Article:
'National origin' defined by federal court

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'National origin' defined by federal court

The term 'national origin' has been given a narrow definition by the Federal Court of Australia in an appeal against a decision of the Human Rights and Equal Opportunity Commission.

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The term 'national origin' has been given a narrow definition by the Federal Court of Australia in an appeal against a decision of the Human Rights and Equal Opportunity Commission.

 

Background

The employee was a Bulgarian National. He had migrated to Australia and within 12 months of being in the country had secured a position with the Department of Defence. The position was conditional on the basis that he: become an Australian citizen; pass a medical examination; and obtain the specified security clearance of 'Secret' (Commonwealth of Australia v Stam [1999] FCA 105 (18 February 1999)).

The employer dismissed the employee because he was unable to obtain the security clearance of 'Secret'. The Department was unable to conduct a security check on the employee because Bulgaria is a country where background checking is unable to be conducted. He was unable to achieve the appropriate clearance because he had what was described as an 'uncheckable' background.

The employee made a complaint of direct and indirect discrimination on the basis of race to the Human Rights and Equal Opportunity Commission. The Commission found in favour of the employee on both accounts.

 

Federal Court decision

The Federal Court of Australia set aside both findings of the Commission on the basis of an error of law. The Court found the Commission at first instance had misconstrued the term 'national origin'. The Court adopted the definition of 'national origin' as expressed in Macabenta v Minister for Immigration & Multicultural Affairs [1998] 385 FCA (21 April 1998):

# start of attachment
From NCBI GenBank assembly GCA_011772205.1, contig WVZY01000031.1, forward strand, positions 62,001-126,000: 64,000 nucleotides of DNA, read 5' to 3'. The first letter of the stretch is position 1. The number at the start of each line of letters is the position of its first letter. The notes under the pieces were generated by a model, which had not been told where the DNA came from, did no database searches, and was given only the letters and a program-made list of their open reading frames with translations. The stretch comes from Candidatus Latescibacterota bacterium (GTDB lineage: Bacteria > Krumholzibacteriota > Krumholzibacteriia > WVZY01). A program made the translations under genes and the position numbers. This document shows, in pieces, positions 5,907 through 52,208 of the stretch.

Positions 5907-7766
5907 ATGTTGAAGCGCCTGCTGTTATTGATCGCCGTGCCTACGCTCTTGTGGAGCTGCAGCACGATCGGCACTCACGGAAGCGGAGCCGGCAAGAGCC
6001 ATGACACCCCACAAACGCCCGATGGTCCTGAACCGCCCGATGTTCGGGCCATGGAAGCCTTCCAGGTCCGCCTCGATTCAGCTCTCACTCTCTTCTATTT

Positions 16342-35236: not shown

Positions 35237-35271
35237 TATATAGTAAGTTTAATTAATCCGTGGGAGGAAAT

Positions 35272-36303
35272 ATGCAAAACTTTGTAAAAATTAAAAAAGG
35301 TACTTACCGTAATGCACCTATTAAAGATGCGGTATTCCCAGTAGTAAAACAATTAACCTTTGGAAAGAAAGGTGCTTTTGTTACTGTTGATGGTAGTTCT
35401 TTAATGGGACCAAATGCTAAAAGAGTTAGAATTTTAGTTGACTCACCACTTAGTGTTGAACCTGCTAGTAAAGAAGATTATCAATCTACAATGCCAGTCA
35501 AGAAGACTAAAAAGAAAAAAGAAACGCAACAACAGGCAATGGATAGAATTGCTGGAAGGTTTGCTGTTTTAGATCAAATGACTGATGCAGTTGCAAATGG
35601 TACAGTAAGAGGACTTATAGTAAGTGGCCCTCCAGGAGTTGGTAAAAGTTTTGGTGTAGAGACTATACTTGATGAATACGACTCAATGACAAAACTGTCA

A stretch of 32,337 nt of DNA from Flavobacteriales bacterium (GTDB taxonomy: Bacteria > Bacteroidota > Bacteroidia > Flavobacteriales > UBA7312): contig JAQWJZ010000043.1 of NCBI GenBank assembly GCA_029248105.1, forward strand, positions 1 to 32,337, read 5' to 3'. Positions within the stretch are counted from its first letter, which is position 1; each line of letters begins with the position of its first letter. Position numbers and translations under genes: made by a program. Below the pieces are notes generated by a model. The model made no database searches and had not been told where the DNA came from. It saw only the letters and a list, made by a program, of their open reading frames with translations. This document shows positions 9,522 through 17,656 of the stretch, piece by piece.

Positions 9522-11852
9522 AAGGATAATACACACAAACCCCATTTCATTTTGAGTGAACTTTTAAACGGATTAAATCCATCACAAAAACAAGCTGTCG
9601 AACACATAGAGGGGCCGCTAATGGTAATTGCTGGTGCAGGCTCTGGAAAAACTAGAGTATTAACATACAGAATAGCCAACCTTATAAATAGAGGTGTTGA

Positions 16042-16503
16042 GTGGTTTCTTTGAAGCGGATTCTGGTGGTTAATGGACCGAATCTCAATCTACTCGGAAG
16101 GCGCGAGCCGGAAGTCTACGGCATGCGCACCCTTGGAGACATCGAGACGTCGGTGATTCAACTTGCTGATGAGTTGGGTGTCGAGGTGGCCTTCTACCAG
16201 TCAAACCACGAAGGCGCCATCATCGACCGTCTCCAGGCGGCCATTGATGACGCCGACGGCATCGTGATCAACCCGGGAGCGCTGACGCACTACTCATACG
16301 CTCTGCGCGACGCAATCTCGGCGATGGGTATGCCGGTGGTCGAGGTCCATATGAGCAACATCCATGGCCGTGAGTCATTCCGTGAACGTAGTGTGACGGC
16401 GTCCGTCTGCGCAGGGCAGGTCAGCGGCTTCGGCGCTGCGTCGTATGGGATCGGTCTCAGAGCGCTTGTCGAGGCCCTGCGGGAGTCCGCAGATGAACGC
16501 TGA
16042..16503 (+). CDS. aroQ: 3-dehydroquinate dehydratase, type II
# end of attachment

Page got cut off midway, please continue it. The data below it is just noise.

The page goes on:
"Over a lifetime, a person may acquire a number of different 'nationalities' which, depending on the legal regimes in force in any particular country, may be held successively from time to time or even simultaneously where States recognise dual nationality. In these circumstances it may often be a matter of substantial difficulty to determine the relevant nationality of a person for the purpose of a particular regulatory regime. On the other hand, the expression 'national origin' is a narrower concept and more readily determined because it is limited to 'origin', which is fixed at birth and incapable of change. In framing an International Convention and legislation to implement its provisions against the background of many different legal systems, there is much to be said for preferring a more specific criterion which can be more readily determined with greater certainty."

The Court held that the inability of the employer to be able to check the employee's security, did not refer to the employee's "place of birth or the national origin of his parents, but to the fact that he was a citizen of Bulgaria and had been living and working in Bulgaria before his arrival in Australia." The Court held that the employer refused the security clearance on the basis of the country the employee came from, not a "characteristic that arose at the time of his birth".

The Court held that the Commission made an error at law as it misinterpreted the term 'national origin' and did not adopt the narrow view taken by the Court.

The findings of direct and indirect discrimination were both set aside by the Court.

 

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